Late in the afternoon, in the houses around Arunachala, families get their own celebrations ready.
People lay out their pujas for Arunachala.
Entrances to houses are decorated with elaborate kolams.
Children are excitedly waiting. Sometimes it is hard to wait.
Mother gives daughter a fresh plait.
Ghee lamps are set out and lit.
In the homes, there is extensive live TV coverage of the rites in Arunachaleswarar temple. Most village people cannot attend in person, due the the high price of an admission ticket on this day, so they watch on TV. The coverage is pretty amazing, with many TV cameras and good places to shoot from. It goes on live for many hours and is reminiscent of New Year’s Eve TV coverage of Times Square.
Lighting of the Deepam Lamp
Now it is almost time.
In the west, the sun is setting.
In the east, the moon has risen.
Rajan sits, waiting for the lighting of the Depam lamp so he can light his own.
Now from up on the mountain, we see a light!
People everywhere around Arunachala light their own fires.
The Deepam light glows more brightly now. You can even see a column of smoke blowing to the left.
In the photo below, the ghee lamps glow nicely, while the Deepam Lamp burns on the top of the hill.
These lamps are set out around houses all over Tiruvannamalai.
Inside houses, altars are set out, with the food offering that becomes the prasadam to be eaten for the evening meal.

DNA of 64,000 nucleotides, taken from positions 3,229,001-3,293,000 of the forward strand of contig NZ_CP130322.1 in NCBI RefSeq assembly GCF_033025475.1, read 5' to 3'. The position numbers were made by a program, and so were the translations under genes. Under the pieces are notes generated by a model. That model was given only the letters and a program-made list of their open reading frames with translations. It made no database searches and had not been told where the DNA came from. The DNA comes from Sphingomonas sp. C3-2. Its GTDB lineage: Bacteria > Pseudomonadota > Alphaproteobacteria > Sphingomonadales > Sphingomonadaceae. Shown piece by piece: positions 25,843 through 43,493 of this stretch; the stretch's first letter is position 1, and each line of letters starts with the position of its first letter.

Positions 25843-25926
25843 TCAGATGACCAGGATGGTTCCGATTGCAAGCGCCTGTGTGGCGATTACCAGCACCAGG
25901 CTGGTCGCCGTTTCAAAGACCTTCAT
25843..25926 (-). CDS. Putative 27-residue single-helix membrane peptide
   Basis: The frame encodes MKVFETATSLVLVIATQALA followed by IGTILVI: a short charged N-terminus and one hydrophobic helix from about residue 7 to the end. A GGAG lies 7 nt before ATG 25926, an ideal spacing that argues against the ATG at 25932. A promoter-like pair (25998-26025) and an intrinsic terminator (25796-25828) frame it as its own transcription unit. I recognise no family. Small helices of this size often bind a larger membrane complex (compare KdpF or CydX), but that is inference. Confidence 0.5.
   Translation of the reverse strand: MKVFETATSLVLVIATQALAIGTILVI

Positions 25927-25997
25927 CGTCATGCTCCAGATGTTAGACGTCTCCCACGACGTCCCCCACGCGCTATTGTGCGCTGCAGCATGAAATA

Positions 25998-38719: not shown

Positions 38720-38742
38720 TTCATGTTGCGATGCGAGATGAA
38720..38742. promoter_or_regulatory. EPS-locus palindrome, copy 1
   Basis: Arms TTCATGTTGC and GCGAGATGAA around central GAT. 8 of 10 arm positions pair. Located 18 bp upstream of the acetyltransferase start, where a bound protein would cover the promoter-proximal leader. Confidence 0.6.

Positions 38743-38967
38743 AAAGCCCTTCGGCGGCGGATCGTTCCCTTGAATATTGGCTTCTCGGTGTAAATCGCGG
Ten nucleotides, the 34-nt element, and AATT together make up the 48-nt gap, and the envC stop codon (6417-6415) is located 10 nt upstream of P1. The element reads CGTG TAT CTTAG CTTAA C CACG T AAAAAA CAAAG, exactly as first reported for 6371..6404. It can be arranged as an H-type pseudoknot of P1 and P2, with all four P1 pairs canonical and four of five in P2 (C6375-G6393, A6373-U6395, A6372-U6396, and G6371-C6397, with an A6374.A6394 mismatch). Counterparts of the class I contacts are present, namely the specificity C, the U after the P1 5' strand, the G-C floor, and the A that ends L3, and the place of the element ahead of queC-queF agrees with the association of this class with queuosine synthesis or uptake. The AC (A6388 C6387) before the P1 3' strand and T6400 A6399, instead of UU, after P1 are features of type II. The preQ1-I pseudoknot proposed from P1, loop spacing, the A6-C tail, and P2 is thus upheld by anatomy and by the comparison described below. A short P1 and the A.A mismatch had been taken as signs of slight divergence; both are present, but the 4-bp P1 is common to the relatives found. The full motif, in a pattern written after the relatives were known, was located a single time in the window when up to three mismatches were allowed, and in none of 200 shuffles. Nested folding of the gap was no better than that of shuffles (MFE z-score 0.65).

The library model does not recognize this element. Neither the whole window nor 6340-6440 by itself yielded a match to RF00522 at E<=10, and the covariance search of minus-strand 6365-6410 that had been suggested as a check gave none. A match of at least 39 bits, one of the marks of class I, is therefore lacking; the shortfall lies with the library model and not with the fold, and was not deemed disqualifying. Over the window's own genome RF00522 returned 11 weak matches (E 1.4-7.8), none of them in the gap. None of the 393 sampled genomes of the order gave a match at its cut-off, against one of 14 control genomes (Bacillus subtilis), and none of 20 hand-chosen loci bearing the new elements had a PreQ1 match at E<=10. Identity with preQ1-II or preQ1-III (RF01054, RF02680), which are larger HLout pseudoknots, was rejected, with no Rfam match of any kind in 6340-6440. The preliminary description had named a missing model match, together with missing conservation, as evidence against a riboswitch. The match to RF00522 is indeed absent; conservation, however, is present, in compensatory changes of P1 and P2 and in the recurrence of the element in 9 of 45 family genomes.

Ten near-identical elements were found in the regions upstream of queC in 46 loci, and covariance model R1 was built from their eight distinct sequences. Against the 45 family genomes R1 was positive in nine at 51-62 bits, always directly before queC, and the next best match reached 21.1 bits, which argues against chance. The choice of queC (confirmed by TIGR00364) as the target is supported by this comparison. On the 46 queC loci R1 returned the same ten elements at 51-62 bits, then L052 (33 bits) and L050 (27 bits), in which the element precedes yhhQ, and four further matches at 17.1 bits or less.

People bow to their household altars.
Then go outside. It is time for fireworks!
Though many fireworks are used for Deepam, none are available for sale. We bought some during Divali and saved them so we would have them now.
Carol is lighting some kind of ‘star’ firework.
It explodes, high above our head.
Nearby other people see what we are doing and stop to watch the show. Too quickly it is over.
So we go inside to eat. Here are Carol and Rajan waiting for Rajan’s wife, Janaki, to serve us.
After we eat, we have to leave pretty quickly. Janaki cannot eat until the guests have gone.
When we got home, we went up to our roof to sit, and look at Arunachala. Now, besides the fire at the top, we see three separate fires on the mountain. How are they going to put them out? It has rained a lot over the last weeks, so the hill is not very flammable right now. Maybe this will help.
In front of our house usually it is very quiet. We are on a small dirt road that is really, in places, only wide enough for a cycle. But all day today and tonight hundreds of rickshaws have gone down the road. The main road into town is blocked, and the other usual route around back roads is still flooded. So today we get more traffic than we have seen in the previous year.
In the photo below, you see the rickshaws as a line of light. I was taking these at night in available light, so it has a slow shutter speed. Also I am not using a tripod, so it is had to hold the camera perfectly still.
We went out again on the scooter the next morning. There were still many thousands of people walking around the hill. Many of the food and trinket booths were still open. Many more had shut down, and were packing up to leave.
Just another couple of days with Arunachala.
Quick Note: Just as I was getting ready to post this, I got a phone call. A man had my wallet and wanted to give it back. I met him at Ramanasramam where he gave it back (without any cash), and when I offered him a reward for returning it, he refused. It is reasons like this that we love living here in Tiruvannamalai. Thank you Arunachala.